HC Deb 14 July 1986 vol 101 cc683-9 3.32 pm
The Minister for Environment, Countryside and Local Government (Mr. William Waldegrave)

With permission, Mr. Speaker, I shall make a statement.

My right hon. Friend the Secretary of State for the Environment has today launched, in association with my right hon. Friends the Secretaries of State for Employment and for Wales, and my right hon. and learned Friend the Secretary of State for Scotland, a new initiative to encourage more local environmental improvement work by both volunteers and Manpower Services Commission community programme teams. My right hon. Friend informed the House of the general terms of this initiative in answer to a question from the hon. Member for Copeland (Dr. Cunningham) on 20 June.

The initiative will provide a focus for new projects which improve the environment and create jobs. It will involve a wide range of environmental action. It will include the Government, voluntary organisations and the private sector and will link with other Government initiatives concerned with the environment and with job creation. It will tackle problems of the built and the natural environment, in both town and country, and be concerned with both improving the environment and enhancing people's enjoyment of it. It will aim to provide challenging work and training for those participating. It will also aim to create worthwhile new jobs, both in the improvement projects themselves and in the new enterprises that some projects will help to generate.

The right hon. Friend the Secretary of State has invited a number of established national voluntary organisations to act as agents in launching the initiative. These are the British Trust for Conservation Volunteers, The Civic Trust, Community Service Volunteers, the Groundwork Foundation, the Keep Britain Tidy Group, and the Royal Society for Nature Conservation. I expect that others will join later. My right hon. and learned Friend the Secretary of State for Scotland and my right hon. Friend the Secretary of State for Wales will be holding similar discussions with appropriate organisations in Scotland and Wales.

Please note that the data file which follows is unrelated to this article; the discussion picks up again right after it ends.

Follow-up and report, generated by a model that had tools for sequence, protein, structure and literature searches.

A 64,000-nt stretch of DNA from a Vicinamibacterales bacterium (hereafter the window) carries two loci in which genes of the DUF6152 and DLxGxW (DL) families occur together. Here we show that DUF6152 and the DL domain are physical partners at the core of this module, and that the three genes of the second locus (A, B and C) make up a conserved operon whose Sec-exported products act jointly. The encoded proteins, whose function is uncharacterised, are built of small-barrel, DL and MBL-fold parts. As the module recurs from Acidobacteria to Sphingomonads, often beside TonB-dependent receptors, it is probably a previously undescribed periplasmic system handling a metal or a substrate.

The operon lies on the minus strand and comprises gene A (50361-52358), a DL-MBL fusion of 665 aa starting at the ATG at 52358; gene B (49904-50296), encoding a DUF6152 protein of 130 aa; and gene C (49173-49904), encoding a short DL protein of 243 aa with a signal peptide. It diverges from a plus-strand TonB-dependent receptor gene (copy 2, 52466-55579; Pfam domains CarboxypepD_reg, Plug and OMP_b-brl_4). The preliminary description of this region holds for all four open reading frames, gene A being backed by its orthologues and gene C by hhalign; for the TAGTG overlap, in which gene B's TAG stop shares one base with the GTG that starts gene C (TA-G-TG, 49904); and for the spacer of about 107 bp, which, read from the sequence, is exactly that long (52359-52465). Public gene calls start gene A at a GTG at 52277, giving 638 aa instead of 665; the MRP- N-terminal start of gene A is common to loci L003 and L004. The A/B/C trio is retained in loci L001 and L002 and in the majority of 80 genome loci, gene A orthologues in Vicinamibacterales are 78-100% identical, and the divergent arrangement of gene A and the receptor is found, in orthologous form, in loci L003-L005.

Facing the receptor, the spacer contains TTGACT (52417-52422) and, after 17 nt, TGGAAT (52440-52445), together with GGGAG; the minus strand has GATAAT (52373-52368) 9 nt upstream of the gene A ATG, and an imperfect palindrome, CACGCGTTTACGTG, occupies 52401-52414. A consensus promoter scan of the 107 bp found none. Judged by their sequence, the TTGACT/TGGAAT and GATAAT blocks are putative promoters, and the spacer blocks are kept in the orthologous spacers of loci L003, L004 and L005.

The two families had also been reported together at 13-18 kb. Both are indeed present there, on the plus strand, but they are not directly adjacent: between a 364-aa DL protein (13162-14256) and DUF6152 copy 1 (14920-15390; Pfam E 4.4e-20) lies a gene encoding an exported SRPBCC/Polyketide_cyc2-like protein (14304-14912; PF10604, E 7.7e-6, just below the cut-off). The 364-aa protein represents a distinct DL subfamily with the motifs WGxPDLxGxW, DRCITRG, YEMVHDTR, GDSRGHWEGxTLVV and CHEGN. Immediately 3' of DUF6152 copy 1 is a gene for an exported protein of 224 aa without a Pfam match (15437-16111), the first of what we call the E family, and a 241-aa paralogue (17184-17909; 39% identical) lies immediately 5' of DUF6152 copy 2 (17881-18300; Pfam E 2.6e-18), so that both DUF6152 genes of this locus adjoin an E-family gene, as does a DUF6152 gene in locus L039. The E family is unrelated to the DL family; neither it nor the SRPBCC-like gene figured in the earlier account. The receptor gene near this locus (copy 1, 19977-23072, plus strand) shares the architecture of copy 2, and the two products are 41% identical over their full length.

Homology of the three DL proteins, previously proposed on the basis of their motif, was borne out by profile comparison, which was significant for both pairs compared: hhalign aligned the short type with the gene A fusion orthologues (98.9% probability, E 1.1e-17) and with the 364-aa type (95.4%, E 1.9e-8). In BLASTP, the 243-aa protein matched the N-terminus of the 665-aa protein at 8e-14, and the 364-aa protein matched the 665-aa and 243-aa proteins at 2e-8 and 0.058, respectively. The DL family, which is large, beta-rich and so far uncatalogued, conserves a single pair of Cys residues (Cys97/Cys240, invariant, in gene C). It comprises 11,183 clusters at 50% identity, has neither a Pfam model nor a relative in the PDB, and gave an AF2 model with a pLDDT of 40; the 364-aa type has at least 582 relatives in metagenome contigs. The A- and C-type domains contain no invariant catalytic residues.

The agents will promote programmes of work and assist the establishment of local projects. I hope that such projects will have the support of local authorities, local business and local residents. Initially, work will he concentrated on the five important themes of greening the cities, conserving the industrial heritage, tackling litter, helping tourists on the move, and making more of nature.

A new organisation is being established, outside the Government, to promote the whole initiative, to determine priorities, to seek business sponsorship and to monitor performance. This new organisation, to be called UK 2000, will be directed by a board on which participating voluntary organisations will be represented together with a number of independent members. Richard Branson, chairman of the Virgin Group, has agreed to be the chairman of this board. The other independent board members who will serve in a personal capacity, will be Jean Denton, head of external relations at the Rover Group; Ernest Hall of Dean Clough Halifax; John Pontin of Bristol 1000; and Stephen O'Brien of Business in the Community.